I've had a Sears belt-drive, oiled, 20 gallon compressor since 1988.
Aside from woodworking, I painted 3 car (restorations) projects with
Sears stuff is cheap. I don't know how it would hold up under all day
usage. Mine probably has 30 hours on it total time.
If you are running power tools or spraying finishes you want a water
separator. An inline oil mister is good if using power tools. And above
all, get a 220 unit if your house is wired for it. The units run much,
Calculate capacity (ie., hp needs) by matching the highest air gulper
in your tool box. Usually, that is an air sander. Paint guns use
relatively little. Impact guns are medium users. The new HVLP guns
don't even warrant a 220v compressor, so save money.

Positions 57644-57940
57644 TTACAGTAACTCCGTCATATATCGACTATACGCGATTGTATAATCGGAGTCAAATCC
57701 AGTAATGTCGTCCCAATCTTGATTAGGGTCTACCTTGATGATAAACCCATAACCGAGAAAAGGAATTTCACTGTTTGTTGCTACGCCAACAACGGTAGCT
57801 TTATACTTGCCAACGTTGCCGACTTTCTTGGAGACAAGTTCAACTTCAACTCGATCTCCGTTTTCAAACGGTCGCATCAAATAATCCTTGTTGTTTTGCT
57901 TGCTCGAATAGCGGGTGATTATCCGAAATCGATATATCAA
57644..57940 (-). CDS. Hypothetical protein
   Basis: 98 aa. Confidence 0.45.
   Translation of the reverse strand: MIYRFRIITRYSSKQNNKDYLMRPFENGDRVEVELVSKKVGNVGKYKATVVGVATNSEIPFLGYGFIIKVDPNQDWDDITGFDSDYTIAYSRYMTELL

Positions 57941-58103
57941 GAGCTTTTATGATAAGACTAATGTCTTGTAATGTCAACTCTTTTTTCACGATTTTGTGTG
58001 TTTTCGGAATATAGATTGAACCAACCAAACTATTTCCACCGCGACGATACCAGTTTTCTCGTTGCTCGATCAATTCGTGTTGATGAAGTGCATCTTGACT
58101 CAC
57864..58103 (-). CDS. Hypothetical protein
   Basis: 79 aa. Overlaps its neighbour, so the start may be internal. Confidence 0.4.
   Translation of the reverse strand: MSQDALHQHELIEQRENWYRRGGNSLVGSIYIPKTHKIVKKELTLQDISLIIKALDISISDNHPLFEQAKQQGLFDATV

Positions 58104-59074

The nice thing about any compressor, whether it be cheap or fancy, you
can unbolt any component that fails and put on a new one. Such as the
pump unit, controller, motor.
The Grainger catalogue allows you to virtually build your own from
components. I have a small, diaphram compressor (110) my wife uses with
her airbrush art projects. But the big one pumps up my bike tires, and
powers my air ratchet on all car repairs, as well as furniture repair.
Sears compressors, overall, are pretty low quality. Have you considered
getting a used unit?